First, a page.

Calling Card films are career starters; usually race-themed movies made by young white directors to get attention from liberal Hollywood and the media. African-American Betts has shrewdly made the first Calling Card movie that bypasses black pathos but exploits a white-themed story. Still appealing to liberal agnosticism, Betts queers the convent’s commitment to love and sacrifice (plus self-punishment and abnegation) through her heroine’s question “Some people wonder why you would give your life to God.”

It’s clear from Betts’s facile sympathy with the whims of naïve youth that Novitiate is intended to undermine the Church as repressive and outdated. Betts doesn’t get close to the complicated inspiration expressed by former Hollywood actress-turned-abbess Mother Dolores Hart in the remarkable documentary God Is the Bigger Elvis. Instead, Betts emphasizes Cathleen’s lesbian stirrings and the panic of Mother Superior (Melissa Leo), an always-angry martinet. (Admittedly, Leo shows Meryl Streep how the movie Doubt should have been done, but her prostrate contortions on the altar would be too much even for an admitted horror film.) Yet, I thank Leo for her facial expressions of extreme disgust. When she berates one of the brats for “tiresome spiritual wretchedness,” it characterizes this move succinctly.

Both BPM and Novitiate pretend to be counterculture when they actually are what Paul Joseph Watson called “dominant culture” films. They indoctrinate through the deception of progressive ideology. BPM is best because it is the most honestly humane. Campillo’s conceit of depicting historic radicalism with a modern-day sheen at least raises awareness of opposition. (It is a relief that he never resorts to the hateful Church-bashing of the 2012 AIDS doc How to Survive a Plague, which Michael Moore endorsed.) Campillo shows that surviving a modern plague is not an opportunity for self-congratulation but largely a matter of human civility. Avoiding the philosophical complexity of divine grace, he instead shows one HIV-positive gay activist telling another, “I know we don’t like each other, but we’re friends.” It’s a new ring on camaraderie.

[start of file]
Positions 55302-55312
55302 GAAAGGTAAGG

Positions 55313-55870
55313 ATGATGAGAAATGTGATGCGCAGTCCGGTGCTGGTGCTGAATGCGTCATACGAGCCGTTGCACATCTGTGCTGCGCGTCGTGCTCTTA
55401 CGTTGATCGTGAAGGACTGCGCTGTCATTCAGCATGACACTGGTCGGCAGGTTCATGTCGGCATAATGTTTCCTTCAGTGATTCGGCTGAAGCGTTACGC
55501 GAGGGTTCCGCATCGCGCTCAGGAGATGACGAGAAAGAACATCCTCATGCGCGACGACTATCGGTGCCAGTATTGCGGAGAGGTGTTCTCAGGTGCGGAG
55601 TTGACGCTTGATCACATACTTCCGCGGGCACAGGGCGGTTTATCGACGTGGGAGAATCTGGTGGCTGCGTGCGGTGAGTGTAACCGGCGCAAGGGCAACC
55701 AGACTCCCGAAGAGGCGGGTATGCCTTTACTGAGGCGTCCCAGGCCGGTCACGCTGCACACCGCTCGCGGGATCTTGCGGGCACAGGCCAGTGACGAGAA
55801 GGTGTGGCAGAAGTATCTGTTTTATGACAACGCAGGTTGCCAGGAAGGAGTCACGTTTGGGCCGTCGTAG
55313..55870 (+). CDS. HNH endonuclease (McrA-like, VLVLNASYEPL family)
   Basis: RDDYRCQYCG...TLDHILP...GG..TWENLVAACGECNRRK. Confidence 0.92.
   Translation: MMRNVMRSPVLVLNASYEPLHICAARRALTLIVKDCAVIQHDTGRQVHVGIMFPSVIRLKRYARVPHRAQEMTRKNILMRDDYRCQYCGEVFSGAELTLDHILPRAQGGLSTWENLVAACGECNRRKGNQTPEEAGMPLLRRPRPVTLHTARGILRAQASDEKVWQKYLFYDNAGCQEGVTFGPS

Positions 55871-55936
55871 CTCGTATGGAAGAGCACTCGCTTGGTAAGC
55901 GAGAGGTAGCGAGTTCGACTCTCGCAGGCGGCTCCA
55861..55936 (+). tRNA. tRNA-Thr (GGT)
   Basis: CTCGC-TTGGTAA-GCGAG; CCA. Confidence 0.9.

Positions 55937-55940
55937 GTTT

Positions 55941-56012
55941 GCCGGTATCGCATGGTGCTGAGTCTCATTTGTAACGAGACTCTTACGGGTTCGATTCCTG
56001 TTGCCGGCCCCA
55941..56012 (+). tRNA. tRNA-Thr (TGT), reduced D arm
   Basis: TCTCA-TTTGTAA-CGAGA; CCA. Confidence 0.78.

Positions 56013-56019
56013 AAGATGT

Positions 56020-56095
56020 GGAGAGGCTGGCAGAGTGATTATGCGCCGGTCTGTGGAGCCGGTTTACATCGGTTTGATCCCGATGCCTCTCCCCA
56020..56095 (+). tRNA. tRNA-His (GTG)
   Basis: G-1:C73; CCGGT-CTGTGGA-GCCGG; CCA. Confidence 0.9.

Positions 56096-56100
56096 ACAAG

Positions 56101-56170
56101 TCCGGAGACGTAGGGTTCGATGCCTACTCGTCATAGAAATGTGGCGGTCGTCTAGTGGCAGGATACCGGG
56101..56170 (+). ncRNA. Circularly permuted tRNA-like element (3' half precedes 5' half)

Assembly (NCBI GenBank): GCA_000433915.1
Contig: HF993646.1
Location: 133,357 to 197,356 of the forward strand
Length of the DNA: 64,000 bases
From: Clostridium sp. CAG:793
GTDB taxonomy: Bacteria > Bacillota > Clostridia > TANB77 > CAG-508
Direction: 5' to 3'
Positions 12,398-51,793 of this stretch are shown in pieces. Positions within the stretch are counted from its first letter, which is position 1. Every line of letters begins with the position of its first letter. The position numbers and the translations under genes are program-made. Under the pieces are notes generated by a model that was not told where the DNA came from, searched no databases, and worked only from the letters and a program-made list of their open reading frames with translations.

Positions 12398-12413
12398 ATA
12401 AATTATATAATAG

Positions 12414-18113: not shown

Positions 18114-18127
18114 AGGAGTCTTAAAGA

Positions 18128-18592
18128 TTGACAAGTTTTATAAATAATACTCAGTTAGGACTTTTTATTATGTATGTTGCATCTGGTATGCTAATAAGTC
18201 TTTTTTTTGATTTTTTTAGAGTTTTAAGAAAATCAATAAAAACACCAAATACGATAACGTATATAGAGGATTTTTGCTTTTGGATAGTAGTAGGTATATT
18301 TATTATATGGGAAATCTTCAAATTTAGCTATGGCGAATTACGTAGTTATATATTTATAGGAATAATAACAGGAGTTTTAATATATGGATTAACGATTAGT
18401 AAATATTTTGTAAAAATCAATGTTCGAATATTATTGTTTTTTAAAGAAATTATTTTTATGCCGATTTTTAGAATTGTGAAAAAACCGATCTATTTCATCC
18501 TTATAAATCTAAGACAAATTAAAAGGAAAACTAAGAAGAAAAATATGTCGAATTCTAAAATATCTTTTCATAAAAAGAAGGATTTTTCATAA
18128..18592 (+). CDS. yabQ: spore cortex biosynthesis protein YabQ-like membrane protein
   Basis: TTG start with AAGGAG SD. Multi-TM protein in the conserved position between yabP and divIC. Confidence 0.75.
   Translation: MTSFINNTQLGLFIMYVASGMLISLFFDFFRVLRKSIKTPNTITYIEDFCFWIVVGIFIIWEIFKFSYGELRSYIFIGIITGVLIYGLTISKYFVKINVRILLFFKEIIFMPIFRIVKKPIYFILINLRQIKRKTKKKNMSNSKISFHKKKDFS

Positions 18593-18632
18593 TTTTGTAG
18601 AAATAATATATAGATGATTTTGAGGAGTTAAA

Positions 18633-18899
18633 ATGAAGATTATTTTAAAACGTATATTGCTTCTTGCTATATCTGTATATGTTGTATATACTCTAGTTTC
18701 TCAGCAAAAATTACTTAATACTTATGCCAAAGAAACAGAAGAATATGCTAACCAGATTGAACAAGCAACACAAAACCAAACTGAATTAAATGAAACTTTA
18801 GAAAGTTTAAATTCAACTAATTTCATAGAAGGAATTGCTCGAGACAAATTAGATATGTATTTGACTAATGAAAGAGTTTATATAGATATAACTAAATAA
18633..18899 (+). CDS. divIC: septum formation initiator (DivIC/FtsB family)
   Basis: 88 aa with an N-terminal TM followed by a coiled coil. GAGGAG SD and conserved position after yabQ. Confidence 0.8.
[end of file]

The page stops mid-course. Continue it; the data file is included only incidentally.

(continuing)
BPM is good enough to rate comparison with Jean-Luc Godard’s 1968 La Chinoise, a critique of Sixties Communist/Maoist fervor — and the best-yet film made about radicalized youth (newly released on KINO Blu-Ray). A scene where Campillo’s activists water plants on a balcony evokes Godard’s quintessential portrait of radical idealism that went on to question their naïveté, seeing vandalism and terrorism as misguided actions. This contrasts Novitiate’s skeptical view of religious commitment and discipline. Betts films a line-up of spoiled girls waiting to be shorn as if depicting death row. A brief moment of mysticism has a crucifix fall to the floor, which Cathleen retrieves in her sensual nakedness; it’s a Sundance version of Andres Serrano’s infamous, blasphemous art stunt.

The changes that Vatican II brought about in Catholic practice take a backseat to Betts’s retro emphasis on Cathleen’s sexual confusion — her need for “comfort . . . more than God can give.” ISIS recruiting tactics could not be more duplicitous, and that’s how Novitiate goes about its specious radicalizing. But BPM reminds viewers of their fraternity and sorority before it offers memento mori.

READ MORE:

Novitiate and Why Nuns Are Dying Out

Youth Outrange and What that Means for America

Today’s Young People Aren’t Learning the Value of Hard Work

Armond White — Armond White, a film critic, writes about movies for National Review and is the author of New Position: The Prince Chronicles, at Amazon.